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WAR ON ILLEGAL DRUGS

On threat to impose martial law, Duterte just frustrated—Aguirre

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Justice Secretary Vitaliano Aguirre II. INQUIRER FILE PHOTO/ MARIANNE BERMUDEZ

President Duterte was just letting off steam when he threatened to ignore the Constitution and declare martial law, frustrated that despite his brutal war on drugs, the menace appeared to be continuing, according to Justice Secretary Vitaliano Aguirre II.

The Philippine National Police also said on Monday that it was “100 percent” behind Mr. Duterte, but the Armed Forces of the Philippines said it did not see a need to recommend the proclamation of martial law.

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The President’s remarks at the weekend, saying that if the drug problem “deteriorates into something really virulent, I will declare martial law” and “nobody can stop me,” sparked concern among opposition senators and congressmen.

“It’s just an angry expression from the President and the public, especially the media should not be surprised and rather be already accustomed to this mindset of the President,” Justice Secretary Aguirre told reporters.

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Aguirre said the President was so “exasperated” by the National Bureau of Investigation’s seizure of 890 kilograms of “shabu” (crystal meth), worth P6 billion, from the Red Dragon syndicate from China that he would have shot the six people arrested in the raid on a San Juan City townhouse.

Reality bites

Aguirre said he was proud of overseeing the “single largest drug haul in Philippine history,” which he believed should be evidence that the President’s drug war was “winnable.”

“It symbolizes what is possible and what can be achieved if everyone works toward a common goal. Let us prove to all that under the Duterte presidency, crime will never pay. No refuge, no respite and no letup in our war against criminals. Let this be a jumping off point for greater achievements. Let this be a motivation for everyone to scale greater heights until we win this war,” Aguirre said in a speech at the justice department on Monday.

The President’s chief legal counsel, Salvador Panelo, said in a radio interview on Monday: “He is telling us the reality on the ground. If it becomes virulent and it is really needed, then it is his duty, constitutional duty, to declare martial law. And you must remember that the very reason precisely by the framers of the Constitution in putting that emergency power is to preserve our country from chaos.”

The 1987 Constitution states that the President may declare martial law only in case of invasion or rebellion, when the public safety requires it.

Panelo said Mr. Duterte was not like dictator Ferdinand Marcos.

“Let us remember that it is very out of character for President Duterte to be abusive. In fact, that is the basis of his rule as mayor and as President. He does not like abuse,” he said.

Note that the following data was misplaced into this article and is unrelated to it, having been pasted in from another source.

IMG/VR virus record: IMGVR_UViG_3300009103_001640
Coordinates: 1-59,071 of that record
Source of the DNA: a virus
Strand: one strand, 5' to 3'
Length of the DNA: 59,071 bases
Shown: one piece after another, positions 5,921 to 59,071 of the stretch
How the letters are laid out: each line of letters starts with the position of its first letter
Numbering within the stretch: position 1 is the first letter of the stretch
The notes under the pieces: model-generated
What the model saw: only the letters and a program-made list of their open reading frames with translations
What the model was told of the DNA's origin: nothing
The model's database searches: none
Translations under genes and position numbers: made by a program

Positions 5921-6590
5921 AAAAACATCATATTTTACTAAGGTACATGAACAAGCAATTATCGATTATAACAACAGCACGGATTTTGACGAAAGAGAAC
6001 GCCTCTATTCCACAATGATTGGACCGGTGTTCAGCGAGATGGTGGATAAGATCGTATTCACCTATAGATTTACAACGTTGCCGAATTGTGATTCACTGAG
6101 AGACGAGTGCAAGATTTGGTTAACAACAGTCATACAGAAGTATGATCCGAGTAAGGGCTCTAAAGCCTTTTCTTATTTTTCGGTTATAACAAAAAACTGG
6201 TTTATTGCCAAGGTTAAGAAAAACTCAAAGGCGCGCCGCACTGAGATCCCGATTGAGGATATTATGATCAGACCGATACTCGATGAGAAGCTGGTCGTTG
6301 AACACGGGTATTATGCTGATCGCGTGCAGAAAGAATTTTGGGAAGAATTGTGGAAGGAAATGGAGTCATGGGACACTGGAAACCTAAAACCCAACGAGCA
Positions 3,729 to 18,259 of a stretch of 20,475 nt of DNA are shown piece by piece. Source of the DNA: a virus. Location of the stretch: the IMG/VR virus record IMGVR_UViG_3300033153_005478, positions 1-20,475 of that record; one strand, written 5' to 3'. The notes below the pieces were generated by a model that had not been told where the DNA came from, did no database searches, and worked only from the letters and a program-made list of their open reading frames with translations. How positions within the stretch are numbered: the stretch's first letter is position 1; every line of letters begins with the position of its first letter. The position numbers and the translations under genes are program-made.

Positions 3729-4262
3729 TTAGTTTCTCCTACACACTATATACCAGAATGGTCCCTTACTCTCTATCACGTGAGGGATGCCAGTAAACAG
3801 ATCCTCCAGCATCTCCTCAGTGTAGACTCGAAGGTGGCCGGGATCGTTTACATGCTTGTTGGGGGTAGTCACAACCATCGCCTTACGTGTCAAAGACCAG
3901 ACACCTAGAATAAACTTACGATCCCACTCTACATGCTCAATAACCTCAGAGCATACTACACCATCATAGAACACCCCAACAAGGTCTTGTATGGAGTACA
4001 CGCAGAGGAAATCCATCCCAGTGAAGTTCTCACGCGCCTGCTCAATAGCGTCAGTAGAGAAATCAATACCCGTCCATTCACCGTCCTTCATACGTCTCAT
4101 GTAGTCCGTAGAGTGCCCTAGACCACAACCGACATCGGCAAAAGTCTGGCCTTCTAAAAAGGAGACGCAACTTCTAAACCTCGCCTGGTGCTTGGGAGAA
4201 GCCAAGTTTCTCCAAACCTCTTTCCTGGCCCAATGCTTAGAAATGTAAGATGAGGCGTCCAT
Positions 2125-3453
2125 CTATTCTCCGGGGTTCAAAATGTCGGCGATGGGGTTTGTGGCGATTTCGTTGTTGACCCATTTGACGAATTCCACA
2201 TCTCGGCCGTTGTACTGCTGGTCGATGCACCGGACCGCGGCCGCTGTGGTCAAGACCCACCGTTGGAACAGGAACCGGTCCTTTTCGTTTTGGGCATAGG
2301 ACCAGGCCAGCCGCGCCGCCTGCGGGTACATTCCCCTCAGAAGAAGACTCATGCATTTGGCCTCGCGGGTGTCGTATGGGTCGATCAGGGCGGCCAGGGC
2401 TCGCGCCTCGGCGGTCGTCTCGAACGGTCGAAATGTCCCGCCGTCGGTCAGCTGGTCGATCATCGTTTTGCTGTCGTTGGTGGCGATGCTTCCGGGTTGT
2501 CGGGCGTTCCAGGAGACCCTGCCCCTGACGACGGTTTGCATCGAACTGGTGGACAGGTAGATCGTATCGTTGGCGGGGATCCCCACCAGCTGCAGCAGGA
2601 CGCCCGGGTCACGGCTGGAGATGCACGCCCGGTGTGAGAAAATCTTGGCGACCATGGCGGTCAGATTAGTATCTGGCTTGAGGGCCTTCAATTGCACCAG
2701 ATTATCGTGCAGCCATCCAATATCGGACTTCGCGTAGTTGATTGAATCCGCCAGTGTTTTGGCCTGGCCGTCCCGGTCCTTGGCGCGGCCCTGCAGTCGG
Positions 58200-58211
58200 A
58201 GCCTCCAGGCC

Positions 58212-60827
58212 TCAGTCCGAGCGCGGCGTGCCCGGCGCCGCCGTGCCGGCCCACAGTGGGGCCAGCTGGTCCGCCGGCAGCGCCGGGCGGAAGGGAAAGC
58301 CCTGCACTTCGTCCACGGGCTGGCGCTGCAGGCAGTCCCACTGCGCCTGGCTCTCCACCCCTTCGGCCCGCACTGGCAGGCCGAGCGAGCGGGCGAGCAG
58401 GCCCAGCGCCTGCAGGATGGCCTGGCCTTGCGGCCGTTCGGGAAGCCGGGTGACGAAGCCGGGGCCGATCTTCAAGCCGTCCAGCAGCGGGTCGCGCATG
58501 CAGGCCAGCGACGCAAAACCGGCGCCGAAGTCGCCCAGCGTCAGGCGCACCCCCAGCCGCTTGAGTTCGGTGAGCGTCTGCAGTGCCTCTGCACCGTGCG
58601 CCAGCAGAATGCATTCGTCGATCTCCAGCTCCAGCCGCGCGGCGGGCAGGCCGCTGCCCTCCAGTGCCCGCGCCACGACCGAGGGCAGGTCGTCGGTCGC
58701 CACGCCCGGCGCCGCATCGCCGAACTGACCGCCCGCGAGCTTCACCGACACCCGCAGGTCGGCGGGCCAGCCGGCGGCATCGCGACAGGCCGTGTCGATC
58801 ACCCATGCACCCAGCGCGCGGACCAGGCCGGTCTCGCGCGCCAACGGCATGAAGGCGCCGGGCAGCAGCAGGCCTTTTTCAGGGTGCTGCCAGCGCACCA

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‘Nobody can stop me’

The President’s latest statements drew concern, especially since just weeks ago, he said martial law did nothing good for the country.

But on Saturday night, Mr. Duterte said: “I don’t care about the Supreme Court, because the thing, the right to preserve one’s life and my nation, my country transcends everything else even the limitation. If I want to and it will deteriorate into something really virulent, I will declare martial law if I wanted to. Nobody can stop me.”

Director General Ronald dela Rosa said the 160,000-strong PNP was prepared to support the President’s martial law declaration “100 percent.”

But the PNP chief said the President was probably just angry and frustrated.

“He knows that he wouldn’t do it if the reasons, bases or the chances are not there. But if the situation is really hopeless, he will show his decisiveness,” Dela Rosa said.

Political decision

The military does not see a need to recommend martial law now, said Brig. Gen. Restituto Padilla.

“Right now, we are able to operate and catch all the people who have been perpetrating violence and we are operating within the bounds of law. Currently, we are able to accomplish our mission without the complexity of needing to have any kind of special rule applied,” said the AFP spokesperson.

Padilla said that martial law was a political decision by Mr. Duterte as Commander in Chief.

“Whatever political decisions there are will need to be assessed by our political leaders. And when they are passed down the line, then the whole government follows,” he said.

Senate President Pro Tempore Franklin Drilon said the administration should exercise prudence in making public statements “that are very disturbing and could cause undue fear and tension in the country.”

“Soldiers should also start reviewing their constitutional mandate,” said Sen. Antonio Trillanes IV, who led two failed coup attempts by taking over swank hotels during the Arroyo administration.

Trillanes said Mr. Duterte was “conditioning” the minds of the people to expect the declaration of martial law.

Senate Minority Leader Ralph Recto said the President’s statement should be dismissed as among his “outlandish threats.”

“Rebellion has been tamed. No foreign army is steaming toward our shores to invade us. And as the President himself likes to brag, crime is down and the people are safe in their homes and communities,” Recto said. —WITH REPORTS FROM NIKKO DIZON AND CHRISTINE O. AVENDAÑO

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